Reynol Junco, of Harvard University's Berkman Center for Internet and Society, thinks "most ed-tech startups suck!" He takes shots at founders who "rarely, if ever" involve educators in product design and read up on ed research. Then he lampoons VCs and investors who "know next to nothing about how students learn" and get suckered in by "flashing lights and pretty buttons." Finally, Junco claims that "it's actually not that difficult to demonstrate effectiveness."
We beg to differ on some of his simplistic assumptions. Former educators are increasingly taking matters into their own hands and forming startups of their own. Edtech Meetups are popping up all around the country. Regional organizations like the Digital Harbor Foundation (Baltimore), TeacherSquare (SF Bay Area), and 4.0 Schools (New Orleans) are bringing teachers and techies together. And yes, the money is "hot" right now. But that doesn't mean it's easy. Sure, the investment community may get suckered by bells and whistles. But if that's all their portfolio companies prove to be, they aren't like to stay suckers for long--especially when they're not realizing returns.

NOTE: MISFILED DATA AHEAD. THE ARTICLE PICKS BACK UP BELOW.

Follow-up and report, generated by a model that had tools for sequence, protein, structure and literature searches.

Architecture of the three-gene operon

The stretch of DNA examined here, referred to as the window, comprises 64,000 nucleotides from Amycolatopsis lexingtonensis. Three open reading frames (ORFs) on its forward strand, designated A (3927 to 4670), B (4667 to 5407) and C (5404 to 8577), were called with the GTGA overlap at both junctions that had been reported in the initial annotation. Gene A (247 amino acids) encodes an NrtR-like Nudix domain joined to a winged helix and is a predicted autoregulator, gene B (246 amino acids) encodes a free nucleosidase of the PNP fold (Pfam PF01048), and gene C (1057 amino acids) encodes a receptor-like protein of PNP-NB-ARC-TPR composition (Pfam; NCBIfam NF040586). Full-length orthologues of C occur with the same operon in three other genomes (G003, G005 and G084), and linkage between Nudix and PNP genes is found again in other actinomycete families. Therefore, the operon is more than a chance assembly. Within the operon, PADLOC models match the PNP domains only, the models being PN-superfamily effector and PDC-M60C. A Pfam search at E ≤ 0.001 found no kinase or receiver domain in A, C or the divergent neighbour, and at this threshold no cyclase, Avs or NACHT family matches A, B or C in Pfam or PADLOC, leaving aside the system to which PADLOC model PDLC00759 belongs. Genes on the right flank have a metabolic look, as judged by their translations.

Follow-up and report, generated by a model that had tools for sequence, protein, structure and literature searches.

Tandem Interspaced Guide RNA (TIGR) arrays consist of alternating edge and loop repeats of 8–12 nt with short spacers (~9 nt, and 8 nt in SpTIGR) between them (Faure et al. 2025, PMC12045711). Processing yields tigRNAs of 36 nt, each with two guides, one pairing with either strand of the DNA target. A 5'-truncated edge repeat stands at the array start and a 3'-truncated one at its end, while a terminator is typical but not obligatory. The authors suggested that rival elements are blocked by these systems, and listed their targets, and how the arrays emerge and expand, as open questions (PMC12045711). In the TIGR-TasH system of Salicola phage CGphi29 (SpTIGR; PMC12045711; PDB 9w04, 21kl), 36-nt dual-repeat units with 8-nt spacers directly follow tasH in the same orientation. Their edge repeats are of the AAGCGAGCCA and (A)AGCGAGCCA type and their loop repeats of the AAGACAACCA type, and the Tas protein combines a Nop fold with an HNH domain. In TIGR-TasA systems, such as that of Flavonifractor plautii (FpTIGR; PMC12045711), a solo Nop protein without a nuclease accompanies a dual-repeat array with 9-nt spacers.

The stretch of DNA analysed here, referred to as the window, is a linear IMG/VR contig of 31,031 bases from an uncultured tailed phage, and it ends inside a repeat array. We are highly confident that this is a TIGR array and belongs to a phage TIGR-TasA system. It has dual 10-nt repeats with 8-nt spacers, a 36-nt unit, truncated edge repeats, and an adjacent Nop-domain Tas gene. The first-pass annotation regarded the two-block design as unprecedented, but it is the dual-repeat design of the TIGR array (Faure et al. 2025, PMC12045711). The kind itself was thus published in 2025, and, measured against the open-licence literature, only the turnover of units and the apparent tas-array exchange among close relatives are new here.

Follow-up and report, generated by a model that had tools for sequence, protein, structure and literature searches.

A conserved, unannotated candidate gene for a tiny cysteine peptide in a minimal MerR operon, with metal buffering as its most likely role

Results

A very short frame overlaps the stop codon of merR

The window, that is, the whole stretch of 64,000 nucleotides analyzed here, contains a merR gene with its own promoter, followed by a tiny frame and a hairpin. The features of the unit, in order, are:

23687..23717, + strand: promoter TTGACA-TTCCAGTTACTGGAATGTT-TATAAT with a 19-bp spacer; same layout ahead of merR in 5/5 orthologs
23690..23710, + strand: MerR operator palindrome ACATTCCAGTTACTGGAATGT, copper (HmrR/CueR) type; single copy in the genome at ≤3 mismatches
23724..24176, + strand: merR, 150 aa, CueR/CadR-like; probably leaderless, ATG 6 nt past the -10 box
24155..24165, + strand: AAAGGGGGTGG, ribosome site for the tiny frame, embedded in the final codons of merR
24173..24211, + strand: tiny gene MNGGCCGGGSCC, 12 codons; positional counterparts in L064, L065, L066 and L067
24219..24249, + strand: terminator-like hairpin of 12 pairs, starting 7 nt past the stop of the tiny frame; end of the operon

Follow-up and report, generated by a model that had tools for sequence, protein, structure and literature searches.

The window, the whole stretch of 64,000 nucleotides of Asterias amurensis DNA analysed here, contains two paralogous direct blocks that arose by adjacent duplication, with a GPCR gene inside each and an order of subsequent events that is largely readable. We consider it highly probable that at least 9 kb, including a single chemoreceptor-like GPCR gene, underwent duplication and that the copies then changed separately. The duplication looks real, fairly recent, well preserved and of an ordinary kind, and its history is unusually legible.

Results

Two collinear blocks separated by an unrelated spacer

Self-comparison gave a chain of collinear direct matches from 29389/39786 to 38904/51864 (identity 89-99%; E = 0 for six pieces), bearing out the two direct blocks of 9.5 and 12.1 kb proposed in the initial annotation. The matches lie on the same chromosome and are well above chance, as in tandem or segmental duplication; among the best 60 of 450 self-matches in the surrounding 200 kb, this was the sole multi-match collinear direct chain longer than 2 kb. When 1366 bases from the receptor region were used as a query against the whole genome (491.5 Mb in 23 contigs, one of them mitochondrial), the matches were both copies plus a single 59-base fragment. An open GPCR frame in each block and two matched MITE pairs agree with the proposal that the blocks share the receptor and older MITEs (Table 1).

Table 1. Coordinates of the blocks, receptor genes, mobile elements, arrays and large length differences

The ease and low cost of starting a business today means that many startups do suck and fail. But the resilient ones fail fast, fail early, and fail often in order to build something meaningful and lasting. The ones that truly "suck" will fade away. It shouldn't come as a surprise when they say that 90% of startups fail.